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Archive for September, 2005

Web essentials 05 – Day 2

Friday, September 30th, 2005

Web essentials is over, and I can confidently say that is the best conference I have ever attended in Australia.

Today I got more out of the conversations than the conference, which is a reflection on the great people I talked to, not on the quality of the conference presentations.

I learned one amazing thing today – from Cameron Adams, I finally understood what the DOM means. This may sound trivial to you, but as a not-so-technical geek, it was great to finally have this fall into my head. Cool!

One thing that I really started to think about is my role in projects. With the emphasis on iteration, shorter release times, more innovation, I’m thinking a bit about how I can be most effective as a freelancer. I am glad I’m not consulting any more as that is completely not conducive to smart, fast, iterative work. Freelancing is better as it means my clients can ‘borrow’ me as they need, as many times as needed, for short or long periods in a series of iterations. I think this is a good model, just remains to see if I can make it work.

Anyway, if I spent time with you at Web Essentials, thank you for your company and conversation. Please keep in touch – you know how to find me ;)

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Web essentials 05 – Day 1

Thursday, September 29th, 2005

So day 1 of web essentials is done, and I must say that it is so far very, very excellent. I didn’t get the whole ink-blogging thing going because Justine introduced herself just as I was trying to get the wifi sorted and it is far better to have a good chat with a smart girl than fiddle around with an unresponsive network (how ungeek!)

Anyway, the sessions today were all solidly good, and some inspiringly good. I particularly liked:

  • Molly Holzschlag’s keynote, which introduced her fellow speakers in a fabulous way and set the scene for the conference. I do so love inspiring women, as gender-biased as that is
  • Jeff Veen does evangelise user-centred design so well, and makes it fun (which it is, so that’s easy) (though he should tell the hay net story fully, because it is far funnier that way)
  • Doug Bowman was completely brilliant; inspiring thoughts about the future of the web and where we might be in 10 years time. His ideas and images at the end, about the inequity in the world, brought tears to my eyes

I sometimes plod along, designing stuff, working with clients and forget to think about how amazing this really is. I’ve been doing websites since 1995 (with a gap for a couple years) and being a serious IA/IxD since 2000. I’m seeing a new passion and reinvigoration for the web which is so very inspiring and cool.

The reason I love these types of conferences (including the IA Summit) is because they help me to stop, look at the field, realise just what affect we have on people, and how incredibly important it is to really, deeply think about what we do before we go dump a bad experience on them. It is good to have that time to listen and reflect…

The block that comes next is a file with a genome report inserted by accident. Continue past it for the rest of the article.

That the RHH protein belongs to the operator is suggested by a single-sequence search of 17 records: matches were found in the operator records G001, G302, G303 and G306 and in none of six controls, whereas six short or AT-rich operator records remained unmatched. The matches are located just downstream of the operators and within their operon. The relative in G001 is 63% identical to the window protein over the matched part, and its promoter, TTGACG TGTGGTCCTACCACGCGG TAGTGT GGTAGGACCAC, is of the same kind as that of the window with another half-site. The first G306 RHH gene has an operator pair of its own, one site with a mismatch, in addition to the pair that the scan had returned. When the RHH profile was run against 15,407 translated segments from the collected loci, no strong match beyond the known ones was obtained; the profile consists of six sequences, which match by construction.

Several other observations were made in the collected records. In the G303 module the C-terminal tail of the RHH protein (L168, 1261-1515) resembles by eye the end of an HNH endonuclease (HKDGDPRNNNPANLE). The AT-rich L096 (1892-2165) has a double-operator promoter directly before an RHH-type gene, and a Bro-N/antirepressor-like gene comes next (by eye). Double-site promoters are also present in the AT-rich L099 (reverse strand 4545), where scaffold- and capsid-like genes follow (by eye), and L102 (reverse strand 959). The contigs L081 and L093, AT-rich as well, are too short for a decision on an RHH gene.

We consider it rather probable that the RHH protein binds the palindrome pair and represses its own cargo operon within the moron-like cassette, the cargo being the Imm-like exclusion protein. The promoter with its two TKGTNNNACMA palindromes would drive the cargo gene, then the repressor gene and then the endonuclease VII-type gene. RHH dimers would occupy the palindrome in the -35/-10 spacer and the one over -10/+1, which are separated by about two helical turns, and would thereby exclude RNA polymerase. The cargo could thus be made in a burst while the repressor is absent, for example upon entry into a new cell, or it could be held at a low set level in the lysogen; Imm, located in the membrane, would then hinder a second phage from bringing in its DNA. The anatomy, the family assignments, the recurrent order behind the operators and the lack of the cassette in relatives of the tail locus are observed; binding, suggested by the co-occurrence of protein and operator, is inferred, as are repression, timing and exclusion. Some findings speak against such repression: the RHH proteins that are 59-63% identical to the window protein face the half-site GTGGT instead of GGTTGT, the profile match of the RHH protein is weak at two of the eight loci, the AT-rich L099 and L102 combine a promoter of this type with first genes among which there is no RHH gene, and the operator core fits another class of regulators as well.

…more tomorrow

PS – yes, I’m completely happy to demo my tablet – I do love it for geek and functional reasons. Just ask me.

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Web essentials 05 – Jeff Veen workshop

Wednesday, September 28th, 2005

I spent today at Web Essentials, listening to Jeff Veen talk about Web 2.0 and designing the next generation of web apps.

I’m pretty familiar with most of these ideas, but still love to listen to people talk about them. I appreciated that, although it was a lecture format, Jeff took the opportunity to pull from the audience’s experiences as much as he could (shhhh Donna).

I kept two sets of notes – one on paper to re-explain the slides that I may not understand when I look back at them in 6 months and one on my tablet of ‘interesting ideas’ (Alex wondered why I had two sets), including (all paraphrased/interpreted):

  • Websites are a part of the entire user experience, not just islands in the sea
  • Trying to control the user experience will ultimately lead to failure
  • Solve smaller problems, but solve them well
  • In web 2.0, user research and usability testing should be more flexible and more ongoing, not enormous projects in their own right

And of course, that Web 2.0 is not about technology, but about relinquishing control (as Peter has been discussing).

Anyway, it was all good, though I really should learn to shut up! I’m looking forward to tomorrow, and sort of especially hearing Molly Holzschlag (I don’t usually go for the ‘fan’ thing, but I must admit to being a bit of a Molly fan – maybe its just a geek girl thing).

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Web essentials 05

Tuesday, September 27th, 2005

I’ll be at Web Essentials for the next 3 days. If you read me, come say hi (my photo is on main part of my site).

Provided there is wireless access, I may also do some blogging as we go. You’ll be able to spot me as I’ll be seeing how easy it is to ink blog with my tablet without constantly switching back to laptop mode…

Ink blogging. Heh!

Podcasts/MP3s since my last post

Wednesday, September 21st, 2005

I’ve continued to wander around with my earphones in, and here are some of my recent favourites:

And I did a very, very silly thing today – gave a 1.5 hour lecture on IA and forgot to record it. After Dan told me earlier this year “you get to the second bullet point and incredible stuff just comes out of your mouth” I swore to record my presentations so I could actually use that good stuff in my writing. Silly girl!

PS – Dan might have actually said ‘good shit’ or something equally colloquial, not ‘incredible stuff’.

Closed card sorting – I finally found a use for it

Monday, September 19th, 2005

For years (literally) I have been trying to figure out what closed card sorting is good for, and today finally had an idea.